Sportsbetting In May Up In Indiana But Short On Estimates

Modest improvements at Indiana’s sportsbooks in May fell significantly short of clawing back what, according to estimates by analysts at PlayIndiana, was potentially about $160 m bets.

And even with the prospect of sports returning to action, the COVID-19 lockdown ‘s consequences could have more long-range effects on Indiana as neighbouring states make their bids to open up sports betting to shore up dwindling budgets.

Dustin Gouker, lead analyst for PlayIndiana.com said: “In the short-term, the path to recovery is relatively straightforward. Sports must return. The good news is that the PGA Tour expected to start this weekend and the NBA and other major sports are closer to a return. The bottom line is that there is now a light at the end of this tunnel.”

Indiana ‘s online sportsbooks — which again accounted for the whole handle of the state — accepted $37.3 million in bets in May, up 41.9 percent from the record low of $26.3 million in April.

May’s wagers generated $3.2 m in adjusted gross revenue, doubling April’s $1.6 m, and yielding the state $302,097 in tax revenue. Yet according to PlayIndiana forecasts a more traditional May would have drawn more than $200 m in bets. Retail sportsbooks, which remain closed, would have generated almost $45 million in bets alone.

Thanks to NASCAR and European football, Bettors were offered more wagering opportunities in May. That further helped boost bets on “other” sports than football, basketball and baseball in May to $30.5 m , up from April’s $21 m.

Jessica Welman, analyst for PlayIndiana.com said: “Online sportsbooks have proven to be resilient.

“Operators have been remarkably creative in keeping bettors engaged, even with fringe sports as the main attraction. There is no making up for what has been lost, but weathering the storm has always been the priority. And I think most, if not all, have been successful so far in doing that.”

According to Gouker and his staff, Indiana will likely face some additional headwinds when the market does standardise. None of its neighbours has yet to legalise electronic or retail sports betting as Indiana sports betting launched last fall.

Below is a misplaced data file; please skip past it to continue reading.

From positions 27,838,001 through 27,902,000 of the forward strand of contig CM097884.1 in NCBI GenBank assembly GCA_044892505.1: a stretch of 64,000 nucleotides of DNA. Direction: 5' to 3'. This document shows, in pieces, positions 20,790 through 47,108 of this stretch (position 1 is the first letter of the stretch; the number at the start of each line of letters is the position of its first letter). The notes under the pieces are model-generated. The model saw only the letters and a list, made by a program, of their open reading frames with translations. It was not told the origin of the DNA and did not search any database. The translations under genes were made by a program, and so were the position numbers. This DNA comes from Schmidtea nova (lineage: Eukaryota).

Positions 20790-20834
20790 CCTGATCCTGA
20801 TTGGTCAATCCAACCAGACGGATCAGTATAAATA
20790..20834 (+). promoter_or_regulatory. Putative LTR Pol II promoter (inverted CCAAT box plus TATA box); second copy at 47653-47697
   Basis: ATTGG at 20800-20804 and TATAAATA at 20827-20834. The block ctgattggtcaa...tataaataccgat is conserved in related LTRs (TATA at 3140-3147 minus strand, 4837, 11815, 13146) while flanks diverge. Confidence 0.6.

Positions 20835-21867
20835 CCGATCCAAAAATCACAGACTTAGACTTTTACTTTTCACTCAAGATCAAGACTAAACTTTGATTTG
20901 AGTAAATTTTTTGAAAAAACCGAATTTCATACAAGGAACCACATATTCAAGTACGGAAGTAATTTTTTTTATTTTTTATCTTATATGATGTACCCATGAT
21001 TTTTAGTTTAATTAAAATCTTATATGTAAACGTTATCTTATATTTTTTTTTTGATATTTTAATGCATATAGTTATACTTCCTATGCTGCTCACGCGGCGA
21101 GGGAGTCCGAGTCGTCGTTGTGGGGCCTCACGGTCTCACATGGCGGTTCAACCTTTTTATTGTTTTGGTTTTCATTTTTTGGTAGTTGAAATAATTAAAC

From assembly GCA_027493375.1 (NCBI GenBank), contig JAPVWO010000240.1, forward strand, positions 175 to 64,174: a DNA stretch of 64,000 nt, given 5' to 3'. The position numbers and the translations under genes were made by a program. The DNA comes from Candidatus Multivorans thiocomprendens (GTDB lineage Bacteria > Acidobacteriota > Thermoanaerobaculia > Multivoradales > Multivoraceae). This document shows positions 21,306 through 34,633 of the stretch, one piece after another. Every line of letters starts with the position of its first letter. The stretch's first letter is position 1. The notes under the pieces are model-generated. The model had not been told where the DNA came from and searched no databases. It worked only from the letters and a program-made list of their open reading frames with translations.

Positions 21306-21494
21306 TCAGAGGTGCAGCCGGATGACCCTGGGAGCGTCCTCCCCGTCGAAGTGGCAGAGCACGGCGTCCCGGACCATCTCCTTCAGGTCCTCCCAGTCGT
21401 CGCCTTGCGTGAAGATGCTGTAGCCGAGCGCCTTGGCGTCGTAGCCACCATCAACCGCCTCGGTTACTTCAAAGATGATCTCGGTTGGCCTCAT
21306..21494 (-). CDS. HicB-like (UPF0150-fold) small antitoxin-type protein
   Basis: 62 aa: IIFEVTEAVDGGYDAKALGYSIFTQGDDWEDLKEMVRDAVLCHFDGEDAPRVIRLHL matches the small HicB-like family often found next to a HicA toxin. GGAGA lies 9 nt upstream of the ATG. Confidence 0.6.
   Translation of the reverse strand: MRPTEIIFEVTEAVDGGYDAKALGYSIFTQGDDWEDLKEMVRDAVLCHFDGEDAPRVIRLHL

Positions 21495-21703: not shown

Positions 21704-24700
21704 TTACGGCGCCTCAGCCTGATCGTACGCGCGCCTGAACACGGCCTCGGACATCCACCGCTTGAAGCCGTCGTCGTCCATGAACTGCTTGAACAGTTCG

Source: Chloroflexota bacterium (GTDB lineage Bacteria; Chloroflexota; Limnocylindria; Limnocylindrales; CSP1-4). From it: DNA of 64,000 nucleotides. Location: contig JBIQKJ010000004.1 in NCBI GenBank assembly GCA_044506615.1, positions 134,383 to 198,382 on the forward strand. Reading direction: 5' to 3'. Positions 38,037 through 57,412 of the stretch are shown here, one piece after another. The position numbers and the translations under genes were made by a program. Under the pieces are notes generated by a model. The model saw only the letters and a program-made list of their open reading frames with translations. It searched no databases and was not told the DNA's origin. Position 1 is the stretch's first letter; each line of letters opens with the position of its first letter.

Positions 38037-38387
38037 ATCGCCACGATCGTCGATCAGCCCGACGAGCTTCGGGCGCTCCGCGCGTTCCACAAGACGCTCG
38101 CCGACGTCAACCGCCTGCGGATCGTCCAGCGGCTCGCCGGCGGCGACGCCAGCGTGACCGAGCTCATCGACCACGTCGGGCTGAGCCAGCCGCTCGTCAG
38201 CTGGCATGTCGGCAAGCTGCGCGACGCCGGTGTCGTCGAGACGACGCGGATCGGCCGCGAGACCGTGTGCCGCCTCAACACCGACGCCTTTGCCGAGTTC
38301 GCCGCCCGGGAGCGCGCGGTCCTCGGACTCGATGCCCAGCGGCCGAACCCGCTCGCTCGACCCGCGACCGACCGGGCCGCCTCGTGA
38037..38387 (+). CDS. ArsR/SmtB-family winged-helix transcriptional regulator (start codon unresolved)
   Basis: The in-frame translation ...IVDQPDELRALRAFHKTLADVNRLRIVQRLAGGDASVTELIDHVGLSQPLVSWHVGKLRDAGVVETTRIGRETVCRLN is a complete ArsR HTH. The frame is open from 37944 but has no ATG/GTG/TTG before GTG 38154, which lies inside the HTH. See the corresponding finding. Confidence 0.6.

Now the picture has changed, with Michigan launching and Illinois going legal as well as eliminating their initial requirement for online sportsbook registration in person. In addition, Ohio is pushing its own sports betting bill through the statehouse.

Gouker said: “Indiana’s main advantage when it launched was that it had such limited competition in the Midwest. That is obviously changing, which was inevitable. But Indiana still has one of the most solid regulatory infrastructures in the U.S. And that will help keep the state ahead of the curve.”

Market leader DraftKings / Ameristar Casino has produced bets of $20.1 m , up from April’s $13.6 m. That yielded gross receipts of $1.8 m , up from $908,322. FanDuel / Blue Chip Casino was second with a handle of $12.3 m , up from $9.7 m, resulting in a win of $1.1 m , up from $558.155

While online sportsbooks struggled to attract bettors, with the launch of the Caesars Sportsbook app in late May, the market received a new competitor. That adds a shot of consumer confidence in the future.

“Adding a heavyweight like Caesars to Indiana’s mix will only help the market once it returns to something more closely resembling normal,” Welman said. “It shows that operators still believe in the potential of the Indiana market even as it remains quiet.”